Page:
Melt-in-your-mouth braised ribs

Chef Jose Alvarado and Aimee O'Connor, owners of Jose O'Connors Restaurant in West Carthage, with their dish of red wine braised beef short ribs with celery root puree, peas and carrots.

Red wine braised short ribs have become indispensable in my collection of hearty winter fare. It amazes me how popular they have become in the culinary world, taking a once undesirable cut of meat and transforming it into a melt-in-your-mouth delicacy.

There are several techniques to go about cooking them, which I have learned in my 13 years as a culinary professional. They all use a basic slow-cooking practice and my favorite is the sous-vide method.

A French term for “under vacuum,” it cooks food in airtight sealed bags in a water bath at a controlled temperature. You control the temperature using a thermal immersion circulator, which has become readily available and known to the public in recent years thanks to numerous cooking networks and reality television shows that glorify chefs.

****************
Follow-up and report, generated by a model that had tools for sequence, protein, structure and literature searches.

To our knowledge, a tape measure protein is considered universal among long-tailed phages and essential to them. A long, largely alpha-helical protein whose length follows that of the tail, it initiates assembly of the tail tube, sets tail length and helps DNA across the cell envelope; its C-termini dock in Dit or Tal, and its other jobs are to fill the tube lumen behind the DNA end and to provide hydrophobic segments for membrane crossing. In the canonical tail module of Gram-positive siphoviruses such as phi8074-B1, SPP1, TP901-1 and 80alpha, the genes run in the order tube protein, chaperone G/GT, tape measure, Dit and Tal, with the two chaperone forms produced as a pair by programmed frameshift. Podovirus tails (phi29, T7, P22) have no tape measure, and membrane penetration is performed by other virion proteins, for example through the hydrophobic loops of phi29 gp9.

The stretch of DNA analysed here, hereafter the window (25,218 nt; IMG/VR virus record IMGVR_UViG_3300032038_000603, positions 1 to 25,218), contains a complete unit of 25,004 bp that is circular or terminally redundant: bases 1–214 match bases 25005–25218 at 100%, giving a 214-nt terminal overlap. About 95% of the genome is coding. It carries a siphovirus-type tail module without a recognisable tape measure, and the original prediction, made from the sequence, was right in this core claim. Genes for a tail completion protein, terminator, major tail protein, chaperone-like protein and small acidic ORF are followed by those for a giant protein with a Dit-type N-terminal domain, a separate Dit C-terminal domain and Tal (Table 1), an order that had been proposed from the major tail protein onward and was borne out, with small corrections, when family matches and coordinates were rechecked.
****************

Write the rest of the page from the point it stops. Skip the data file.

The intention of using this method is for even cooking, never overcooking and allowing the juices, flavors and other ingredients to remain inside the bags and constantly marry with the protein.

Typically I would use this method for the red wine braised beef short ribs, as at the restaurant we have a professional immersion circulator. However, for the home cook this recipe uses the traditional slow cook braising method at a low oven temperature.

It is worth the investment in an immersion circulator as anything can be cooked using it. From fresh garden carrots to summer fruits to custards.

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